The enigma of relict large sorted stone stripes in the tropical Ethiopian Highlands

Groos, Alexander R.; Niederhauser, Janik; Wraase, Luise; Hänsel, Falk; Nauss, Thomas; Akçar, Naki; Veit, Heinz (2021). The enigma of relict large sorted stone stripes in the tropical Ethiopian Highlands. Earth surface dynamics, 9(2), pp. 145-166. Copernicus Publications 10.5194/esurf-9-145-2021

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Large forms of sorted patterned ground belong to the most prominent geomorphic features of periglacial and permafrost environments of the mid-latitudes and polar regions, but they were hitherto unknown in the tropics. Here, we report on relict large sorted stone stripes (up to 1000 m long, 15 m wide, and 2 m deep) on the ca. 4000 m high central Sanetti Plateau of the tropical Bale Mountains in the southern Ethiopian Highlands. These geomorphic features are enigmatic since forms of patterned ground exceeding several metres are commonly associated with distinct seasonal ground temperatures, oscillating around 0 ◦ C. To systematically investigate present frost phenomena and relict periglacial landforms in the Bale Mountains, we conducted extensive geomorphological mapping. The sorted stone stripes were studied in more detail by applying aerial photogrammetry, ground-penetrating radar measurements, and 36 Cl surface exposure dating. In addition, we installed ground temperature data loggers between 3877 and 4377 m to analyse present frost occurrence and seasonal ground temperature variations. Superficial nocturnal ground frost was measured at 35–90 d per year, but the ground beneath the upper few centimetres remains unfrozen the entire year. Seasonal frost occurrence would require a mean annual ground temperature depression of about 11 ◦ C, corresponding to an air temperature decrease of about 6–8 ◦ C (relative to today) as inferred from a simple statistical ground temperature model experiment. Our results suggest the formation of the large sorted stone stripes under past periglacial conditions related to lateral and vertical frost sorting in the course of cyclic freezing and thawing of the ground. It is likely that the stone stripes formed either in proximity to a former ice cap on the Sanetti Plateau over the last glacial period due to seasonal frost heave and sorting or they developed over multiple cold phases during the Pleistocene. Although certain aspects of the genesis of the large sorted stone stripes remain unresolved, the presence of these geomorphic features provides independent evidence besides glacial landforms for unprecedented palaeoclimatic and palaeoenvironmental changes in the tropical Bale Mountains during the (Late) Pleistocene.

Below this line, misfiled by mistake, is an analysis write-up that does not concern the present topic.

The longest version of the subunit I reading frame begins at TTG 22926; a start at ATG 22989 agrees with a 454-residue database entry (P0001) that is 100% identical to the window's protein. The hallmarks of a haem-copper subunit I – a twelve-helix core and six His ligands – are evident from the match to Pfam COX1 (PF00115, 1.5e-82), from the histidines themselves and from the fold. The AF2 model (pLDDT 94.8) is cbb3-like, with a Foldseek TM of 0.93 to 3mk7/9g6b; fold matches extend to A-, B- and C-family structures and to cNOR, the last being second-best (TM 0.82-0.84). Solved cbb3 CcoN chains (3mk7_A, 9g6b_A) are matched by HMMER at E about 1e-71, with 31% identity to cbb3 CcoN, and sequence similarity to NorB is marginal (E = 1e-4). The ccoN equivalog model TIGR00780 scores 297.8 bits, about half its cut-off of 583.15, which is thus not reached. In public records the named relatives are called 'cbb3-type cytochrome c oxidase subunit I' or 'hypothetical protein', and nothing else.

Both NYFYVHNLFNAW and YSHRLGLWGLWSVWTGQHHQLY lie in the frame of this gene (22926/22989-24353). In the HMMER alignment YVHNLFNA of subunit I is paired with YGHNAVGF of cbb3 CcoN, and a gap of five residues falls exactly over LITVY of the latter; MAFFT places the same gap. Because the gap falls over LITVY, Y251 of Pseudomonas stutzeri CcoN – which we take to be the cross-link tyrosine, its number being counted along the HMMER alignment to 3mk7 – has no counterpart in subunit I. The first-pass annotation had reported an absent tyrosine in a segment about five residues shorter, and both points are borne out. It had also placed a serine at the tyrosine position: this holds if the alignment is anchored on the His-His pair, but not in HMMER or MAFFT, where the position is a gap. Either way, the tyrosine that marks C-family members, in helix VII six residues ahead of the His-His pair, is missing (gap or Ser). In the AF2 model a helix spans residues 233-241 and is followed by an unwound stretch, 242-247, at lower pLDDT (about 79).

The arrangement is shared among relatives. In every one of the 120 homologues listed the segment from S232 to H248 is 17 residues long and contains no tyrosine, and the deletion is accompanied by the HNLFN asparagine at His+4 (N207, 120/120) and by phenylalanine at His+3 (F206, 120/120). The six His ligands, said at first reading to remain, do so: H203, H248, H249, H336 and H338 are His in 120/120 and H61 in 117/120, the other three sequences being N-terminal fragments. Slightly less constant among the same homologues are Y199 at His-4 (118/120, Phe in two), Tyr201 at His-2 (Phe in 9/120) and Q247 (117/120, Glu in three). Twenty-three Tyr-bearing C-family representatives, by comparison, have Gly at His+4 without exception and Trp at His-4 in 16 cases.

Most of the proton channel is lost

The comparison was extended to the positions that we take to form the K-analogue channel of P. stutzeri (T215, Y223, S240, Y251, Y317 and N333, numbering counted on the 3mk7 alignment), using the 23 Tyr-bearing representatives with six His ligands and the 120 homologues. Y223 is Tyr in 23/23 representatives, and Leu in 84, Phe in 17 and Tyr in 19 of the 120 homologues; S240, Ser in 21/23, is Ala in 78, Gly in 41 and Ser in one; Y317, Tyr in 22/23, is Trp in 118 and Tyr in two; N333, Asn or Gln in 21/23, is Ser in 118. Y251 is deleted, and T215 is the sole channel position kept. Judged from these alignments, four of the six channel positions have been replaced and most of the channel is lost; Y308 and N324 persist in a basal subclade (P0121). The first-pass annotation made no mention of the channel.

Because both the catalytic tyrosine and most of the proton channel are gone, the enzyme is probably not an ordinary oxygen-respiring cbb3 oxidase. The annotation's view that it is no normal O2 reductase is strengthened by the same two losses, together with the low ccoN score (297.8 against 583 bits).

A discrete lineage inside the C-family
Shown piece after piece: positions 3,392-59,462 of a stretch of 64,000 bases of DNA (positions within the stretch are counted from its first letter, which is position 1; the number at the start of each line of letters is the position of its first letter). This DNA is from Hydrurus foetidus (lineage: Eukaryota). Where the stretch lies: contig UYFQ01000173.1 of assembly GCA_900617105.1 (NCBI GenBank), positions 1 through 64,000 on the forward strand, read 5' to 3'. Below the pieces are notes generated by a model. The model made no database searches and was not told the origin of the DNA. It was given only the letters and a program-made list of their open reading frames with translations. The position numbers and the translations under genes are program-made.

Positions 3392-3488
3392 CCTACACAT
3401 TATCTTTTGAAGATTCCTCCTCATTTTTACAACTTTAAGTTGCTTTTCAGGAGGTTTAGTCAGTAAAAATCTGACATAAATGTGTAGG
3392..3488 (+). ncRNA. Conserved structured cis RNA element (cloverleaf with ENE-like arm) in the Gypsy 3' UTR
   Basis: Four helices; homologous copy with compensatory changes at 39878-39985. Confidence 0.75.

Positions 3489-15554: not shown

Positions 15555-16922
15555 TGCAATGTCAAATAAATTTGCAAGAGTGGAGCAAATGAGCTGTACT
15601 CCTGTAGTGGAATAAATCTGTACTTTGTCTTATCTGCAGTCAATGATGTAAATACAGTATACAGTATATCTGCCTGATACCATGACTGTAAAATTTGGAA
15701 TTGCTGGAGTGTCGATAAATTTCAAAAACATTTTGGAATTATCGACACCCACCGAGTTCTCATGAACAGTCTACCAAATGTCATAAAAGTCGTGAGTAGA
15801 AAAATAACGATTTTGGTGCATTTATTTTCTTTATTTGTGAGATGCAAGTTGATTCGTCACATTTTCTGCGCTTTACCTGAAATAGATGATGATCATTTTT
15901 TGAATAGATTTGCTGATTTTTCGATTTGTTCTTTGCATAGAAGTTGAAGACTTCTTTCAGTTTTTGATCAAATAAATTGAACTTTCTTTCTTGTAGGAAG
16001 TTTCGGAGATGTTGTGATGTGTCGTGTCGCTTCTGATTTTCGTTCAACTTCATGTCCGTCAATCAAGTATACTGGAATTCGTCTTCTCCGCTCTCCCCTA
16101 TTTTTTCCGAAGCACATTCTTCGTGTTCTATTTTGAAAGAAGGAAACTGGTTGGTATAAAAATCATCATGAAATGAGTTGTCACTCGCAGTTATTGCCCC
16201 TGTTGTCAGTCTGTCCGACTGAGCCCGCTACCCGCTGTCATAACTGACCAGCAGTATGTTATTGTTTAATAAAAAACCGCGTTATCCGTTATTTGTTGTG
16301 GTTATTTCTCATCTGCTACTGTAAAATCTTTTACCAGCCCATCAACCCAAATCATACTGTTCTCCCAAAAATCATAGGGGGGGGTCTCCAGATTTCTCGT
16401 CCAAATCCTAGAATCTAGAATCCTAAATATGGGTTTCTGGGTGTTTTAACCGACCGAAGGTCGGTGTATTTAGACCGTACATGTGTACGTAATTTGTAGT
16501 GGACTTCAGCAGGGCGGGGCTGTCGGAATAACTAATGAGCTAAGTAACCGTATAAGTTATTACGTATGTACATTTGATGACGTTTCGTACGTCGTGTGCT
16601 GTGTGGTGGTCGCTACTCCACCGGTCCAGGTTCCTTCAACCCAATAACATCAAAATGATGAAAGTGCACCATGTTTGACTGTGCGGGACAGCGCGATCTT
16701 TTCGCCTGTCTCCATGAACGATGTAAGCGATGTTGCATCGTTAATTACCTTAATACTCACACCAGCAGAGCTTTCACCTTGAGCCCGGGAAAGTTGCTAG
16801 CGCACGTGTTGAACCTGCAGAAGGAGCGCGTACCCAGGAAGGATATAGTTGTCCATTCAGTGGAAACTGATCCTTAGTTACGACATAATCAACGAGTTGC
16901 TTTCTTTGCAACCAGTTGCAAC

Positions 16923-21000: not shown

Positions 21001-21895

Item Type:

Journal Article (Original Article)


08 Faculty of Science > Institute of Geography > Physical Geography > Unit Paleo-Geoecology
08 Faculty of Science > Institute of Geological Sciences
08 Faculty of Science > Institute of Geological Sciences > Exogenous Geology
08 Faculty of Science > Institute of Geography

UniBE Contributor:

Groos, Alexander Raphael, Niederhauser, Janik, Akçar, Naki, Veit, Heinz


500 Science > 550 Earth sciences & geology




Copernicus Publications


[UNSPECIFIED] Swiss National Science Foundation ; [UNSPECIFIED] German Research Foundation




Alexander Raphael Groos

Date Deposited:

06 Apr 2021 16:31

Last Modified:

05 Dec 2022 15:49

Publisher DOI:





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